“I understand that the level of service you provide is superior, including the QA process and multiple translators to meet tight deadlines. Going with the cheaper quote there will mean more work for me, but the business has decided to proceed with another freelance translator for this job as the quote came back almost a third of the price” – rings a bell?
If you do come back with this kind of reply to the quote sent in response to your RFQ, and what’s worse, you do it time and time again, sooner or later, you’re going to be in big trouble. How come?
Let me explain.
After hearing this response from decision-makers at some of the companies we were in touch with, I asked myself:
“Does this industry need professional translation at all or are they simply not ready for it?”. And you can hear this response worldwide, regardless of industry. Why? There’s a bit of confusion in understanding the role of language service providers and freelance translators and the services both actually provide.
Thanks to the CAT technology and tools language service providers use (it’s actually a standard in professional translation and localization nowadays), they are able to reduce the translation price by a significant amount, and also include all the value-added services like DTP in the price, and the decision - maker’s reply will still be: “ you are three times more expensive for a service at the same level”. The point is… it’s not the same service level.
Of course, we always try to find the best solution to meet the client’s needs. We are able to negotiate the terms of collaboration and even if we hear “your rate sounds a bit speculative to me”, there’s one relevant condition: the service must meet certain quality requirements, with no exceptions. The essential translation quality requirements are laid out in ISO 17100:2015 standard.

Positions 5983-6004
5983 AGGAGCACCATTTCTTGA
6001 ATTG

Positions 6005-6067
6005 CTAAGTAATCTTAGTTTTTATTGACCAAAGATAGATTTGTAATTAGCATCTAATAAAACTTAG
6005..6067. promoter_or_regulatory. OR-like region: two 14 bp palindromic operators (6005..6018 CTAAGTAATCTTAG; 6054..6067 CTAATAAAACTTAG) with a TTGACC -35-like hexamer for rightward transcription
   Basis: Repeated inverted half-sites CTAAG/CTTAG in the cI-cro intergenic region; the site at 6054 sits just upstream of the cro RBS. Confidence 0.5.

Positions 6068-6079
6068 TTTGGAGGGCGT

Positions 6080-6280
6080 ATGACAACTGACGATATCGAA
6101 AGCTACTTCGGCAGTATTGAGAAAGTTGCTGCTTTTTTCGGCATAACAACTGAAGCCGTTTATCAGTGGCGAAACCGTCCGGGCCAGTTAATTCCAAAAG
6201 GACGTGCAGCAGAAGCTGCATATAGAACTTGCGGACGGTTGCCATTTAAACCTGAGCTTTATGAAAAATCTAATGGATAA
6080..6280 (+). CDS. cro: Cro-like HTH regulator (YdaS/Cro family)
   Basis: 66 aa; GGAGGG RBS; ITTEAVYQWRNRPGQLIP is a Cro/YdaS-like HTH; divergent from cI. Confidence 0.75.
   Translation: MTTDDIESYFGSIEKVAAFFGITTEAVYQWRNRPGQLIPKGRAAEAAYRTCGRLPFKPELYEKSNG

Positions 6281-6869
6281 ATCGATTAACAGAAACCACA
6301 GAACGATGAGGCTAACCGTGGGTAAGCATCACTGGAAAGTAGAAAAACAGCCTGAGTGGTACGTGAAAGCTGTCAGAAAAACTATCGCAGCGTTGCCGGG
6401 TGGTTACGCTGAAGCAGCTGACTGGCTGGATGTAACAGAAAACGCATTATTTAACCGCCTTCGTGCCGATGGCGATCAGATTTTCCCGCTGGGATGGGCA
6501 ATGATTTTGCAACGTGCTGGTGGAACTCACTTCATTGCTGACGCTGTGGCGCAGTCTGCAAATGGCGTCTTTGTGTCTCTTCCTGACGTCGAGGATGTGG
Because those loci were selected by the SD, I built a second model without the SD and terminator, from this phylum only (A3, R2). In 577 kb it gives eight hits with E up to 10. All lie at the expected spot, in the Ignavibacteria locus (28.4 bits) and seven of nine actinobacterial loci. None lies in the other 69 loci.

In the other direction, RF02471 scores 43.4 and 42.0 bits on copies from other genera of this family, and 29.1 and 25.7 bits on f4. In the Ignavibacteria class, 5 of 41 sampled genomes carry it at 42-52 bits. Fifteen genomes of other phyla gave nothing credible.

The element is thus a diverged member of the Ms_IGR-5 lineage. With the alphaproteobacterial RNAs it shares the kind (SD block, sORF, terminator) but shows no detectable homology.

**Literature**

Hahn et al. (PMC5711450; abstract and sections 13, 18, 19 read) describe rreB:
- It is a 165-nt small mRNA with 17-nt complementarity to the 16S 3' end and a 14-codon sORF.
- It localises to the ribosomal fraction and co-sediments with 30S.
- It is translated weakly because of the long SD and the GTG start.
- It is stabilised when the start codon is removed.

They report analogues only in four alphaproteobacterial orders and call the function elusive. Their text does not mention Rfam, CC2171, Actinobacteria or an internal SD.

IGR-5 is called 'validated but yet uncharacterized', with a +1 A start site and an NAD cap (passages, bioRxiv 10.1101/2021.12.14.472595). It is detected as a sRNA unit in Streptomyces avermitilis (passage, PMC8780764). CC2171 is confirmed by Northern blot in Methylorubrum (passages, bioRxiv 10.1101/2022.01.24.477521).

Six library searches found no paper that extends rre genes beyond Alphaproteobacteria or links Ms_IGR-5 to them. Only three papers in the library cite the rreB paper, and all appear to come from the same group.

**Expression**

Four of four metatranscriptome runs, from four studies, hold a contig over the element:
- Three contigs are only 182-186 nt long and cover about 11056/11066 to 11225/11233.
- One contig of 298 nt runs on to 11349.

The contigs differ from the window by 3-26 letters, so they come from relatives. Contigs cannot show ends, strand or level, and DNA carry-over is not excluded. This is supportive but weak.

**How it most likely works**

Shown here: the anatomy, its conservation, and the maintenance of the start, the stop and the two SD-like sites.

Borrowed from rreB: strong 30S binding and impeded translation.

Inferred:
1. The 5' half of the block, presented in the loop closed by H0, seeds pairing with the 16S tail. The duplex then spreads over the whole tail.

There’s no way to bridge the translation pricing gap between the work of a freelancer who:
Does not specialize in certain vertical
Doesn't have their work checked (they would only send you an unrevised translation, without using the 2- or 3-pairs of eyes principle, let alone quality checking or quality assurance)
Is simply not able to provide the final target language file properly prepared for traditional and electronic publication
and the language service provider who:
The main question is: “What do I want to accomplish? Do I want it Great, Cheap, Fast (and furious) or Free?”
We are built the way that we like to lie to ourselves, ignoring the little voice in the back of our heads telling us the actual better solution. Convincing ourselves that we can get a valuable service for peanuts.
I know that it’s a decision-makers’ work to keep all the bars and budget in order, but perhaps it’s time to include translation and localization in the yearly budget? This would enable you to get value for a fair and reasonable price. Just 4% of the marketing budget a year assigned to marketing translation is able to increase the number of leads by 25% to 50% with an average ROI of 151% depending on the target language.
Translation pricing is not a rocket science: you get what you pay for, as elsewhere. But you need to remember one thing: poor translation ruins your great brand and comes back to you one day.
Is it worth going for the cheapest competitor?
What are the benefits of this policy?
Do you get more from this approach than from going for the value?
Is your brand prepared to revise your translation pricing practices that work against you and make you lose your share in the market?
These are the questions you will need to ask yourself one day.
Be sure to consult the answers with the right partner.